This two-CD set is actually part of an ambitious undertaking: ESS.A.Y Recordings recorded these sonatas in two different versions, this one featuring Ms. Tenenbaum on a modern violin and accompanied by a modern piano played by Richard Kapp; the other recording (reviewed below) features Ms. Tenenbaum playing an older violin and accompanied by a harpsichord played by Gerald Ranck.
The pellucid simplicity of Bruno Canino's pianoplaying is the perfect partner for the fine silver of Viktoria Mullova's violin playing. Here it is at its most refined, even its most austere. The Adagio of the B minor Sonata contains absolutely nothing extraneous to a perception of the melody's own contours: no gloss of dynamic or movement, just a sense of totally secure accomplishment, sophisticated timbre and phrasing.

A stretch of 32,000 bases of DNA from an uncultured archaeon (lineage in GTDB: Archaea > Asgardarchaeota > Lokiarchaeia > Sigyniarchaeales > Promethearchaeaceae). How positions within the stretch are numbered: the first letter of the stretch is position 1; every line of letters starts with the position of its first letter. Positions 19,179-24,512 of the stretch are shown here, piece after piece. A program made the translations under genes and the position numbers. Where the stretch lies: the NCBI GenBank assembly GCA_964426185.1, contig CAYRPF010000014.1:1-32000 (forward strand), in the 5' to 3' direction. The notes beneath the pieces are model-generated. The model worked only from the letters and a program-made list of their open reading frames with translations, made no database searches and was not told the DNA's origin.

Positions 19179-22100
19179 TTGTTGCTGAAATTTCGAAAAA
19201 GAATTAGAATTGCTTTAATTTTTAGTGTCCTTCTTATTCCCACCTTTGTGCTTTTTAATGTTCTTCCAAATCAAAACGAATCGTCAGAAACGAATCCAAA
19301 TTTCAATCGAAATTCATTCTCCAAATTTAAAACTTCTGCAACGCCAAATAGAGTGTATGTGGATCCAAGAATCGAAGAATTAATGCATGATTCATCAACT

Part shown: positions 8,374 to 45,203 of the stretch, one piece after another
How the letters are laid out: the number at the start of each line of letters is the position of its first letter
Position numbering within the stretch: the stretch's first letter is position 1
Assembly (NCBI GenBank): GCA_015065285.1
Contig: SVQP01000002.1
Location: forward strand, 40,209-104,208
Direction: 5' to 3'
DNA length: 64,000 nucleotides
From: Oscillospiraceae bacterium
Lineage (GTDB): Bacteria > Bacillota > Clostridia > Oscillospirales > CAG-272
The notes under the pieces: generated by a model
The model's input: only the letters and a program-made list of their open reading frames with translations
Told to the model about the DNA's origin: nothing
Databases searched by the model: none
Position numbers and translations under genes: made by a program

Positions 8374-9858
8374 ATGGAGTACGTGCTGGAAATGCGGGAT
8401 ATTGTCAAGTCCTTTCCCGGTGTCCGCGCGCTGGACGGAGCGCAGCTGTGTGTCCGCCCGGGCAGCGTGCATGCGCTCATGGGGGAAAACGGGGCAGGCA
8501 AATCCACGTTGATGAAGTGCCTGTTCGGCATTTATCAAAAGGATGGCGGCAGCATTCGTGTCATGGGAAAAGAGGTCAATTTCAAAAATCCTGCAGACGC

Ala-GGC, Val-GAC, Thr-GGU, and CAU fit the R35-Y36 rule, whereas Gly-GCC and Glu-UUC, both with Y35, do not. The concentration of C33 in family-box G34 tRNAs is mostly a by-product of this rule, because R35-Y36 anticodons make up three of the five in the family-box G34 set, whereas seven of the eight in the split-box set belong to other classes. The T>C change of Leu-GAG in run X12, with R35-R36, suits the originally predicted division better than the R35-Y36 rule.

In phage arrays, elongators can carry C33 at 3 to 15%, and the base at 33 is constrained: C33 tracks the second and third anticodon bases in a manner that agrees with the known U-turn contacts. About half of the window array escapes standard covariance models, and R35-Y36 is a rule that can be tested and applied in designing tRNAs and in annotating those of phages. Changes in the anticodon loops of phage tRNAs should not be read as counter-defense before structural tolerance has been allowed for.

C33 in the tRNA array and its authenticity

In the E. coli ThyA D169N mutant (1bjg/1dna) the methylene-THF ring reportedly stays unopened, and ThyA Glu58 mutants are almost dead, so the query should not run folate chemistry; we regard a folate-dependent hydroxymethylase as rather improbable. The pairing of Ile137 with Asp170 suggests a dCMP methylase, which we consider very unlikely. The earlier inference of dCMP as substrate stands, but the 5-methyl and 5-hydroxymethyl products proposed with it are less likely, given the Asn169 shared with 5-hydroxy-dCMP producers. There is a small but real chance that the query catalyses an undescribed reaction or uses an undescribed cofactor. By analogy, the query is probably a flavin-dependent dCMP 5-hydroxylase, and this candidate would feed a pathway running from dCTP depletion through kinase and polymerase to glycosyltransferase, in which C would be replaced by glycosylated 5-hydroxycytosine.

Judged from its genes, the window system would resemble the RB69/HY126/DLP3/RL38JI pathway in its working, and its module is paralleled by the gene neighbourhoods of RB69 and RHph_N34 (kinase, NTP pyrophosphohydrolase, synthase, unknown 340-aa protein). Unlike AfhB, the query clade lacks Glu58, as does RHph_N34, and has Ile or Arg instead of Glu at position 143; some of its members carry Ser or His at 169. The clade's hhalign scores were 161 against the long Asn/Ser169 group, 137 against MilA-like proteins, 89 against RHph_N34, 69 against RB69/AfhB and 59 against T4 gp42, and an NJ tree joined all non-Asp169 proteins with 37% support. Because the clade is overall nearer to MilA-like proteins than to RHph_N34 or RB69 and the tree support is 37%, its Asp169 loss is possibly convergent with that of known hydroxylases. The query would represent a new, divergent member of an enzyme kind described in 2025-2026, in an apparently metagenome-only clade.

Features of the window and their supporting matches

John Holloway and Davitt Moroney have set up a musically rewarding partnership in these brilliantly inventive works, furthermore adding to their programme the two lovely sonatas for violin and continuo long attributed to Bach, and justly so. In both of them they are joined by Susan Sheppard (continuo cello). For these sonatas Moroney has preferred a chamber organ to a harpsichord.
Rachel Podger's growing reputation among early-music enthusiasts is buttressed by this set of Bach's sonatas for violin and continuo. Her intonation is always on target, her tone sweet but not cloying…
J. S. Bach's second son, C.P.E. Bach, described the six Sonatas for Violin and Cembalo as "among the best compositions of my dear departed father", and went on to say how well they sounded and what pleasure they still gave him, although written some fifty years before. Over 300 years later these pieces still sound fresh and delightful.